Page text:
By Tony Hicks
CONTRA COSTA TIMES
Bono was at the apex of the V-shaped stage, extending halfway through the crowd at the Oakland Arena on Thursday night during the chunky guitar breakdown of an otherwise subdued "Sunday Bloody Sunday."
A man in the audience waved a large American flag, offering it to the U2 singer. Bono bent over as gently as when he plucked a little girl out of the crowd moments earlier, and paraded around the stage with her atop his shoulders.
He gathered in the flag and held it to his chest, closing his eyes and dipping his head into a soft embrace. Bono wordlessly cradled the flag for 30 seconds, as sweetly as if it were a newborn baby. An arena full of 20,000 people, the band, the camera flashes -- and all the music just faded away.
That seemingly soundless and fragile moment conveyed more hope than any song, speech or flag flown since Sept. 11. Just a man -- an Irishman, no less -- showing his love of America in the simplest way possible. Bono then carefully handed the flag back to the owner, and seemed to thank him for sharing.
The beauty of Bono's gesture was that everyone knew something was coming. The most politically outspoken and charitable musician since John Lennon had to do something inspired, though even that paled in comparison to the emotionally-wrenching show-ender "One" that later reduced grown men to tears.
The music itself was important, though certainly at times a backdrop. U2 inspires people not only with beautiful, soaring and sometimes irrepressibly fun songs, but unselfish motives as well. They're certainly rock stars, but it's how they take on that role that matters. It's never mattered more than now. A band that has crusaded for peace, hope and charity for two decades could do nothing less than inspire in troubling times.
It's exactly why newspapers roll back policies on not writing about a band twice on the same tour. It's exactly why, on any given night, U2 is the most important band on the planet.
The world has changed since early last spring, when the band first came to the Bay Area touring behind its album "All That You Can't Leave Behind." You could nearly mail in a U2 concert review: "opened with 'Elevation' ... honored Martin Luther King ... played a great 'Where the Streets Have No Name,'" etc.
That's not to say they aren't worth reviewing. But Thursday was different. More than two months after Sept. 11, there's a heightened danger of artists becoming a parody of the "caring entertainer" role. Just about anything that can be said about the terrorists attacks already has been -- from people whose only expertise is that they get paid to make music.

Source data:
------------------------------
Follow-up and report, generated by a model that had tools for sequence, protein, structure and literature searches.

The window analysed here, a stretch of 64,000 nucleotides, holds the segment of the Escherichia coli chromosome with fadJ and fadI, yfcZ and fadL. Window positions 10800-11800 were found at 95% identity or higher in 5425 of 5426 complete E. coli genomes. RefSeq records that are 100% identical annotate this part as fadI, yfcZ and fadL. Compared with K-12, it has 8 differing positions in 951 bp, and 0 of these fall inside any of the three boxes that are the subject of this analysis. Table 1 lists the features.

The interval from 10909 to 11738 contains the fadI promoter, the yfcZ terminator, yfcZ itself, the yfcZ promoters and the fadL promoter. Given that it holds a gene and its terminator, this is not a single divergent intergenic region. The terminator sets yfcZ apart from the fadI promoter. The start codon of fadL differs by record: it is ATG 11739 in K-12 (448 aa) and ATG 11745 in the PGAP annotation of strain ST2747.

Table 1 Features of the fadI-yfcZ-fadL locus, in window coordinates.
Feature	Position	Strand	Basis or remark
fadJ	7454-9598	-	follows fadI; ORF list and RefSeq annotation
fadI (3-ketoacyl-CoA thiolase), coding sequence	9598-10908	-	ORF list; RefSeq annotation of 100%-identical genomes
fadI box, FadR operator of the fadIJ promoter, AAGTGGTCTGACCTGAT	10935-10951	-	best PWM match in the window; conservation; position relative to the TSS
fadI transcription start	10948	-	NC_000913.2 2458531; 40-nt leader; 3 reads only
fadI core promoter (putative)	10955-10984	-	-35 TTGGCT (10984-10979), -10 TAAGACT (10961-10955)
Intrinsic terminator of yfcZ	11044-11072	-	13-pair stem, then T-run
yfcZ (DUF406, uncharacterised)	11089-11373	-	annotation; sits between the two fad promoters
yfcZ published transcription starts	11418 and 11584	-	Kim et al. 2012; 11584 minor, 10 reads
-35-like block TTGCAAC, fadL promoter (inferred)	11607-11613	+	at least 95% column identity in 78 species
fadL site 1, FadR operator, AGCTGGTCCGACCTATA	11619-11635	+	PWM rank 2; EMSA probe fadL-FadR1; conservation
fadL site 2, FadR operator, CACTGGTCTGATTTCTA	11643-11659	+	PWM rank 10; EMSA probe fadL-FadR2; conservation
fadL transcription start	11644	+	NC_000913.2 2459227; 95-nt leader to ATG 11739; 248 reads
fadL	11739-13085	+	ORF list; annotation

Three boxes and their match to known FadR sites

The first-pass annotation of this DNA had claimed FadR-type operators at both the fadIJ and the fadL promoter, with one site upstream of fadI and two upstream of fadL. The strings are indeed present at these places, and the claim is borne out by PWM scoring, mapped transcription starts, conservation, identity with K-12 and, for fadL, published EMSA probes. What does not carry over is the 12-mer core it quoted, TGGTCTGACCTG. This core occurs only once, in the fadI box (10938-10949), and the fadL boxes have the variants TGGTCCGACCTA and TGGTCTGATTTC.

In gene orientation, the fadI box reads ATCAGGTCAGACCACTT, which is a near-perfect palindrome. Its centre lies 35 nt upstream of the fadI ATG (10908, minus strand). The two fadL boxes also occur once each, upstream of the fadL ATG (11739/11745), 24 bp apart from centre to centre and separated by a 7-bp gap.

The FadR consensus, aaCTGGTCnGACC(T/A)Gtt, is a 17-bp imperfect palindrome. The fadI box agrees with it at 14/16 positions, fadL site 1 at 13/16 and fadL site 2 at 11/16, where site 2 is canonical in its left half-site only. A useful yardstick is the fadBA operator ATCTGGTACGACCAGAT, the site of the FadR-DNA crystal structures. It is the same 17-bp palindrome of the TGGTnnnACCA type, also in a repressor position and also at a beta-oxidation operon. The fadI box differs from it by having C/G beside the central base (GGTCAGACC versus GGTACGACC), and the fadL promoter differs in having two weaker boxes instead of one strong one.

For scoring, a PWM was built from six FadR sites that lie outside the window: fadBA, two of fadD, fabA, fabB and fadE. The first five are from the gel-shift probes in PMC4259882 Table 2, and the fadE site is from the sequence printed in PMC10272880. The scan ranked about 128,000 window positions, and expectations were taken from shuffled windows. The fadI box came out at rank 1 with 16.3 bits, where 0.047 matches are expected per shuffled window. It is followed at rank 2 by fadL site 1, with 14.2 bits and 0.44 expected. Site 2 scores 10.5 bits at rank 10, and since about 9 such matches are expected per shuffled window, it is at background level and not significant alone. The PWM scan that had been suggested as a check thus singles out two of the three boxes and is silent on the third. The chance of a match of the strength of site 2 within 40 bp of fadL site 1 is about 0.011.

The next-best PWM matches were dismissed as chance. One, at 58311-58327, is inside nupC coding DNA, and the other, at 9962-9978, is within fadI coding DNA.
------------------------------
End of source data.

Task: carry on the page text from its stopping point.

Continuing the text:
Thursday wasn't a political rally or a benefit show; it was still a rock concert. But the nonpolitical gestures of remembrance and messages of peace and hope will be the memories people take away from the experience.
The show's first half was actually bereft of any mention of Sept. 11 -- the band simply walked on and began playing under the house lights. Bono and guitarist The Edge frequently ran out onto the runway, sometimes stalking each other and nearly getting into a brotherly wrestling match.
But something genuine began building after the flag-hugging moment that would peak with a version of "One" that had people crying. Bono said the band felt "proud and humbled" to be in America in the aftermath of the attacks, and later had words for those who "re-create God in their own image ... people who come from good homes."
But that was the extent of the preaching, allowing songs like "Where the Streets Have No Name" and "Pride (In the Name of Love)," and Marvin Gaye's "What's Going On" (which Bono sang with No Doubt's Gwen Stefani), stand on their own potency -- as did projected shadows of skyscrapers around the stage.
The last song was as powerful of a remembrance of Sept. 11 victims as I've seen. Bono spoke of being in New York recently and how dismayed people were at seeing their loved ones reduced to fatality statistics on the nightly news. "The people they lost weren't statistics, they were people," he said, strumming the opening chords to "One." With that, a video screen behind the stage emerged and the names of the victims began rolling.
It was a simple yet overwhelming tribute. First the names of the airplane passengers went by, followed by the New York policemen. Then came the New York firemen -- that's when the enormity of it all hit home. Name after name after name, up there in big personal letters -- all people with families and lives they left behind, while Bono sang of "carrying each other."
The moment was without judgment, anger and rhetoric, and gave the most jaded and detached adults something about which to both grieve and feel hopeful. They couldn't have spread a better message in a better way.